The resurrection of an Oklahoma City strip center has begun to transform an area just east of the state Capitol with the first new project in about 40 years.

Jonathan Dodson, managing partner of the urban revitalization firm Pivot Project, says the EastPoint development “has created more joy than anything we’ve been a part of.”

Working jointly with Gardner Architects, Oklahoma City and African-American community leaders, and future tenants, Pivot refurbished two nearly-empty buildings at Northeast 23rd Street and Rhode Island Avenue that will eventually be filled with minority-owned businesses. EastPoint represents an expansion of the popular urban redevelopment seen in the past 15 years west of Interstate 235.

EastPoint tenants who sign a 10-year lease will have 15% ownership in their spaces, made possible by Oklahoma City municipal funding. The tax increment financing grant also provided money for finishing the retail and office spaces and paying a consultant to recruit a diverse mix of tenants.

Dodson asked community advocate Sandino Thompson to join the project.

“We were looking for people who had ties and connections to the community and the market,” says Thompson, who returned to OKC 10 years ago after working for the Department of Defense at military bases across the South.

Thompson says he worked in cities ravaged by hurricanes and saw what can happen when a neighborhood is rebuilt with a fresh focus.

Pivot bought two buildings totaling 38,000 square feet. The first became the new home for Centennial Health, a community clinic. The second building has space for 11 tenants, with the first being Intentional Fitness, owned by Emmanuel Sosanya, who played basketball for and graduated from the University of Central Oklahoma.

Another tenant, working toward opening this month, is Kindred, a restaurant and bar that Thompson co-owns. An optometrist, a travel agent and another restaurant also signed leases.

The Oklahoma Criminal Justice Reform group will have offices there, and an event space and gallery are planned, Dodson says.

 “I’m excited about everything that EastPoint has to bring,” says Nikki Nice, Ward 7’s city council member. “It’s going to be a place for people to come in and see northeast Oklahoma City with fresh eyes, and for people to see their own community in a different light as well.”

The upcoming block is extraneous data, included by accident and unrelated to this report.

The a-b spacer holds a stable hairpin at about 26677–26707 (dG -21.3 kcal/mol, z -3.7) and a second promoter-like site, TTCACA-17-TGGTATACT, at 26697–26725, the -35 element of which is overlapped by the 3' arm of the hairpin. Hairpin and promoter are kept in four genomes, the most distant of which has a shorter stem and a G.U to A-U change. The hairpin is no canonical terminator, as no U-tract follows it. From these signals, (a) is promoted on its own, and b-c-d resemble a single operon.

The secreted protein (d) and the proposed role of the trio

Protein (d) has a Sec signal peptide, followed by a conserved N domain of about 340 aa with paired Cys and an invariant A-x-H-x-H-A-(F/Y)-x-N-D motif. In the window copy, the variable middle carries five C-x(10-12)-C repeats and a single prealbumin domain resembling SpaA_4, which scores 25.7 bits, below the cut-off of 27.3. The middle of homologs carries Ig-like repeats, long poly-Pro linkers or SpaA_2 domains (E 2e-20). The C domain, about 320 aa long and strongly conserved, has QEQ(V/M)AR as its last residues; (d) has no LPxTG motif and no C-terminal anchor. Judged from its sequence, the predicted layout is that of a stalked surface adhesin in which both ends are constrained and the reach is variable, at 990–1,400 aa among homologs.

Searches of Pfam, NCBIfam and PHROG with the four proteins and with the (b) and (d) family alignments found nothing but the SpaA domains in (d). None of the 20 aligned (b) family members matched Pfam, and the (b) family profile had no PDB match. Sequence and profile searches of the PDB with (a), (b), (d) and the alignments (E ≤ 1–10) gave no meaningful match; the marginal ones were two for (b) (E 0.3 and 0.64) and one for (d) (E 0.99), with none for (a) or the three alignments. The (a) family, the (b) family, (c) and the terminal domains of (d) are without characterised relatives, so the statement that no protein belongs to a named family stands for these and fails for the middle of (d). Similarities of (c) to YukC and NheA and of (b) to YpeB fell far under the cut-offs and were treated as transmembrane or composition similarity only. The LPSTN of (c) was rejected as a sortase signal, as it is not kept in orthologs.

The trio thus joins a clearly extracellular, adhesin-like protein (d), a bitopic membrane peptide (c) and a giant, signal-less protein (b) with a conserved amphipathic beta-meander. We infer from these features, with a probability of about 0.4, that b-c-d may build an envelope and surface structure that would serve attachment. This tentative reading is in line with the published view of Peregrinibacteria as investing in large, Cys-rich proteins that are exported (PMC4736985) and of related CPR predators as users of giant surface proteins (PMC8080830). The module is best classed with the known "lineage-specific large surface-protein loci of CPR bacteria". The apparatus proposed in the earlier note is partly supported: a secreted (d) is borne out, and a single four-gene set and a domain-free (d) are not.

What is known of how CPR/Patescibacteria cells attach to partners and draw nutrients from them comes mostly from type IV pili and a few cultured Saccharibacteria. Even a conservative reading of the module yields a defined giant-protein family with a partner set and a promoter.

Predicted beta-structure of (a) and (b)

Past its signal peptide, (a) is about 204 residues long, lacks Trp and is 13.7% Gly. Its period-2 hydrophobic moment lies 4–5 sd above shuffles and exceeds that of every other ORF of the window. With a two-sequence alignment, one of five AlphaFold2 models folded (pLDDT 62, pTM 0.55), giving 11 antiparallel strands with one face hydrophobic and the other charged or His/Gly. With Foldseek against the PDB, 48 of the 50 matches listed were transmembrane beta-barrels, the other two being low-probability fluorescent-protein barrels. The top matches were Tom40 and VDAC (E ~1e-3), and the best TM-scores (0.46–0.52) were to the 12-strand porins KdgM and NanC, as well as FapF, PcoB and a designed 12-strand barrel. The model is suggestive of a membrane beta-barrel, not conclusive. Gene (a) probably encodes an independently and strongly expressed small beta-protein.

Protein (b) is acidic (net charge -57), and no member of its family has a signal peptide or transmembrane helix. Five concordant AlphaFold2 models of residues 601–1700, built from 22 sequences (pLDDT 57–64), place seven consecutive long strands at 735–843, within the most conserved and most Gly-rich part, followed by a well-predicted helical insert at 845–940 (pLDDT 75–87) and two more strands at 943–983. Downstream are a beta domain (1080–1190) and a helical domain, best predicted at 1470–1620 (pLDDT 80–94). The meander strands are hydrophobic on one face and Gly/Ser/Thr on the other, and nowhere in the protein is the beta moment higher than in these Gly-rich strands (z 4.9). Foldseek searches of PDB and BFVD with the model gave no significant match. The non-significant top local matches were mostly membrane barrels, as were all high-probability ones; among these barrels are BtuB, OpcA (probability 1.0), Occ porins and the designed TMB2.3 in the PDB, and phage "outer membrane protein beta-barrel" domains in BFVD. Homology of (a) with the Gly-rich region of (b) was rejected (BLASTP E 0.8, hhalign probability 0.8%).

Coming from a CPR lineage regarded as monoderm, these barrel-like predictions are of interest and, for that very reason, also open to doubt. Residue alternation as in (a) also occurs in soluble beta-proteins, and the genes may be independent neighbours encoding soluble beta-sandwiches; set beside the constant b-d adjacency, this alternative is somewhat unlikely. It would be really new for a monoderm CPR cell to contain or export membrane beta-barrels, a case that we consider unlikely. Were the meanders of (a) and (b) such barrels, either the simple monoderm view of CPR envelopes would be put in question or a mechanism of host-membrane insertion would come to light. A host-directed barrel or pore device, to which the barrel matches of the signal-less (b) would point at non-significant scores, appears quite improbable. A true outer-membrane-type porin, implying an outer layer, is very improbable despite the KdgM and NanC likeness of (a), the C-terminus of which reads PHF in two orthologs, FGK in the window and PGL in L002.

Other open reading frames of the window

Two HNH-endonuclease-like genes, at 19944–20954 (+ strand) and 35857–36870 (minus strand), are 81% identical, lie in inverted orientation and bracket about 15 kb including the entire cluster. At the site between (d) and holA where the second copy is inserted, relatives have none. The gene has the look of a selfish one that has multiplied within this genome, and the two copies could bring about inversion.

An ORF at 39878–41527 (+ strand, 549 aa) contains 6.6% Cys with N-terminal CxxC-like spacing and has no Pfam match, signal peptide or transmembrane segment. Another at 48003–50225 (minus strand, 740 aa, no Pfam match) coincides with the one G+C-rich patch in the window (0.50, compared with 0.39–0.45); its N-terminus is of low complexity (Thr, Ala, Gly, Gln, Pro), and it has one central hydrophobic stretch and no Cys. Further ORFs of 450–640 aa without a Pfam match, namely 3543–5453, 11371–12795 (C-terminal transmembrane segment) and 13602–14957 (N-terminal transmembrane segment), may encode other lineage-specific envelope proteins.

Dodson says OKC municipal staff approached Pivot “to see if we could redevelop something on the east side. We wanted to do something authentic to the neighborhood and that met their needs. We had several town hall meetings and what we heard was they wanted access to health care and creative and successful retail.”

Architect Jeremy Gardner, hired in 2016 for the $8.7 million project, says his firm “had to figure out how to bring [the retail space] back to life. We needed to carve it up into smaller spaces, and bring it up to code.”

Hana Waugh, one of Gardner’s architects, says they created a breezeway between the north and south walls that connected the front and back parking lots. Gardner says all the infrastructure is new, including the roof, windows, plumbing, heat, air conditioning and electrical work.

Weston Waugh, Waugh’s husband and owner of Stout Media, created a video about the project that won an American Institute of Architects award for its depiction of architects and community leaders working together.

 “The EastPoint shopping center is the newest development on the east side and there is a lot of excitement around it,” says Skye Latimer, board secretary of the East End Merchant Association. “Pivot came in and created this beautiful space with the community in mind.”

Artists Andre Johnson and Ebony Iman Dallas designed the retail building’s paint job.

“I really wanted to create something that was upbeat and bright,” Johnson says. “The design pulls in ethnic notes, from a pattern standpoint. We wanted to inspire pride in the community, but not go over the top. We do want it to be open to all.”

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